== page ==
Team spots key regulator for cholesterol productionOct. 2, 2014, 9:17 AM
A Vanderbilt University-led research team has discovered a “master regulator” for cholesterol production and transport in the liver — a tiny piece of RNA called microRNA-223.
The liver produces most of the body’s supply of cholesterol, an essential constituent of cell membranes. But too much cholesterol can lead to atherosclerosis, the accumulation of fatty deposits along blood vessel walls.
By regulating the “translation” of genetic instructions in the liver, microRNA-223 provides another level of control over cholesterol levels, and is a potential new target for treating and preventing cardiovascular disease, the researchers reported recently in the Proceedings of the National Academy of Sciences.
Cholesterol synthesis and transport were thought to be regulated primarily by proteins called transcription factors that control the “transcription” of cholesterol-regulating genes from the DNA into messenger RNAs.
MicroRNA-223 ups the ante. It suppresses the translation of messenger RNA into proteins, the workhorses of the cell.
“It’s a new level of regulation for cholesterol,” said Kasey Vickers, Ph.D., assistant professor of Medicine and of Molecular Physiology and Biophysics at Vanderbilt, and the paper’s first author.
In studies in cells and mice at Vanderbilt and the National Heart, Lung and Blood Institute (NHLBI), the researchers found that microRNA-223 served as a feedback “repressor,” preventing the accumulation of excess cholesterol in liver cells, and falling quickly when cholesterol levels dropped and more cholesterol was needed.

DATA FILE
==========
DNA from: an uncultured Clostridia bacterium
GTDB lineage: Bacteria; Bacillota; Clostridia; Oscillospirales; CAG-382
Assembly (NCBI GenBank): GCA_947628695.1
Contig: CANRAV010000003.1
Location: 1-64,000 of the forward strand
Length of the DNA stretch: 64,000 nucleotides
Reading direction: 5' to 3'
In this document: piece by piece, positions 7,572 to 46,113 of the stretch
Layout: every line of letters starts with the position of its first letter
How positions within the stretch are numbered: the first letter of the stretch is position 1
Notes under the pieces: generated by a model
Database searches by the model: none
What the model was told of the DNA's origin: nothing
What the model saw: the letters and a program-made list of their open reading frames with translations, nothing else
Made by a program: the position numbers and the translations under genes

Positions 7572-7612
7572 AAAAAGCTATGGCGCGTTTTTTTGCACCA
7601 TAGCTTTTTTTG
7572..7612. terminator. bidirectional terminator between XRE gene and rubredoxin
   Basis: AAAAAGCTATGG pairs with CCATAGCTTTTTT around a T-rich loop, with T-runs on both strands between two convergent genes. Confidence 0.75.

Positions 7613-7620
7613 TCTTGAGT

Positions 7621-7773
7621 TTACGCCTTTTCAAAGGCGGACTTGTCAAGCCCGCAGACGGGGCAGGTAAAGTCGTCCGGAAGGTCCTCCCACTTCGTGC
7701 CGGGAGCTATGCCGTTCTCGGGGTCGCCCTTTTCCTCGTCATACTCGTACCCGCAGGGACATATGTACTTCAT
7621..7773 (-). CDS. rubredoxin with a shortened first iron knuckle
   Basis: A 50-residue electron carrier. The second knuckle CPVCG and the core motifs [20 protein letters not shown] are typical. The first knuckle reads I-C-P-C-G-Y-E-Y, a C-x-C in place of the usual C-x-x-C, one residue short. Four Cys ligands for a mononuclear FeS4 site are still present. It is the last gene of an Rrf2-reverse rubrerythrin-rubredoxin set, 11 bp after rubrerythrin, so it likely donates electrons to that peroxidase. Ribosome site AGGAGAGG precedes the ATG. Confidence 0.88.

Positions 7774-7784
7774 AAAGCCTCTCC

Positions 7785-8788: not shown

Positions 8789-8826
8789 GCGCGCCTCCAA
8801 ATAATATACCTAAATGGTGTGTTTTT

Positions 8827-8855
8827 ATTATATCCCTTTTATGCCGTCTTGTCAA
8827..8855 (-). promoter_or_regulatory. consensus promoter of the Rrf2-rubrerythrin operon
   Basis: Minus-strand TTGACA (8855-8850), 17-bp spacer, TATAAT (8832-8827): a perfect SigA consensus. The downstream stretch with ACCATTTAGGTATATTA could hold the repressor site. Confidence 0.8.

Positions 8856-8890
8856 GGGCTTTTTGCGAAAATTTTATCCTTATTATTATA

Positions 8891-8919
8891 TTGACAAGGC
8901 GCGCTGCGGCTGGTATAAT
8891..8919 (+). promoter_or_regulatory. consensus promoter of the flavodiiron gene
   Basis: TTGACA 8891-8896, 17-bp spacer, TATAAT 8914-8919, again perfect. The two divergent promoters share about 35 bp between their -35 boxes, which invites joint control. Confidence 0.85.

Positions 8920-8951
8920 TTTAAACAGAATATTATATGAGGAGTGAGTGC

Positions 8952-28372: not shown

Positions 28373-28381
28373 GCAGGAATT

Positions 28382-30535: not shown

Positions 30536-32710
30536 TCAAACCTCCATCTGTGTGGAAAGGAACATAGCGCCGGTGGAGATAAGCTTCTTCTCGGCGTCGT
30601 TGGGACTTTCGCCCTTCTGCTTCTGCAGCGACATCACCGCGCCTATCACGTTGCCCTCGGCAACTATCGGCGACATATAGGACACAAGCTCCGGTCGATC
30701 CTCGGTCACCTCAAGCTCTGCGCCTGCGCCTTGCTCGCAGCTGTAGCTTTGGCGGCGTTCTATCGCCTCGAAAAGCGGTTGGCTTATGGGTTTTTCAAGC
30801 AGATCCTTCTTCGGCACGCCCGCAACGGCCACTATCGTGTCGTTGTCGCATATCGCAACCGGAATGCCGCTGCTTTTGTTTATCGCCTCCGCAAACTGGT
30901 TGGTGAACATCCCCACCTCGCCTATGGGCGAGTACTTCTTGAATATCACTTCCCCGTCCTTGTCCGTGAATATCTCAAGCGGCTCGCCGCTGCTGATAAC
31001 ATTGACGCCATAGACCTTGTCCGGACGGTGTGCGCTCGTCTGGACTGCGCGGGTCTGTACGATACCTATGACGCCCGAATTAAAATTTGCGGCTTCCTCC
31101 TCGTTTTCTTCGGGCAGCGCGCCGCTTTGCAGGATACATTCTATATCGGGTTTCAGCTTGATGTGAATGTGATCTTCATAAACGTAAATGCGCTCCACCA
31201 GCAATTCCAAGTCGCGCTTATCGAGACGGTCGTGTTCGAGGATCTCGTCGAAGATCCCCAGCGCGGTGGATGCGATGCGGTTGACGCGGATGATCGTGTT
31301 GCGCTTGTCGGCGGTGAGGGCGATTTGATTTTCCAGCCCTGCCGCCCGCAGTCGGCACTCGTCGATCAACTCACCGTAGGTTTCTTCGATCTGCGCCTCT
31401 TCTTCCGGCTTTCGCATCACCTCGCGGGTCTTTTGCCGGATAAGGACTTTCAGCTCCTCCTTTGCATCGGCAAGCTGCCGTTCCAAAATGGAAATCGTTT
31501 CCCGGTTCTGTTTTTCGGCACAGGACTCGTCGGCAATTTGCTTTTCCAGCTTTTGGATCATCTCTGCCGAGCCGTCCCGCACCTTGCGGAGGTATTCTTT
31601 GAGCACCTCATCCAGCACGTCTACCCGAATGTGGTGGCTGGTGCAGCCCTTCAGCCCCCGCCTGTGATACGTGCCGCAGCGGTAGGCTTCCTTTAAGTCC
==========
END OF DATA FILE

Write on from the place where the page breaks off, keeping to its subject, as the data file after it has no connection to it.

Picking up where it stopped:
In mice without the gene for microRNA-223, “plasma cholesterol levels skyrocketed,” he said.
MicroRNA regulation is a burgeoning field, said Vickers, who did his postdoctoral work at NHLBI in the lab of Alan Remaley, M.D., Ph.D., a leader in the lipid metabolism field and the paper’s senior author, before coming to Vanderbilt in 2012.
Small non-coding RNAs, namely microRNAs, can each regulate hundreds of genes and, in turn, each gene may be repressed, or turned down, by many microRNAs. This creates a complex network of direct and indirect metabolic gene regulation.
Because MicroRNA-223 also is involved in regulating inflammation, it “provides an interface between inflammation and cholesterol, which ultimately is a hallmark of atherosclerosis,” Vickers said.
Dyslipidemia, dysregulated cholesterol or lipid levels, contributes not only to heart disease but is associated with chronic kidney disease, diabetes, metabolic syndrome and obesity. “MicroRNA-223 may help improve our understanding and treatment of these disorders as well,” Vickers said.
“Kasey’s discovery of the wide-ranging effects miR-223 in regulating cholesterol metabolism is truly groundbreaking work that has the potential to open new avenues for the prevention of cardiovascular disease,” said MacRae Linton, M.D., Stephen and Mary Schillig Professor of Medicine and director of the Atherosclerosis Research Unit at Vanderbilt.
The research was supported in part by National Institutes of Health grants HL113039, DK020593 and HL116263.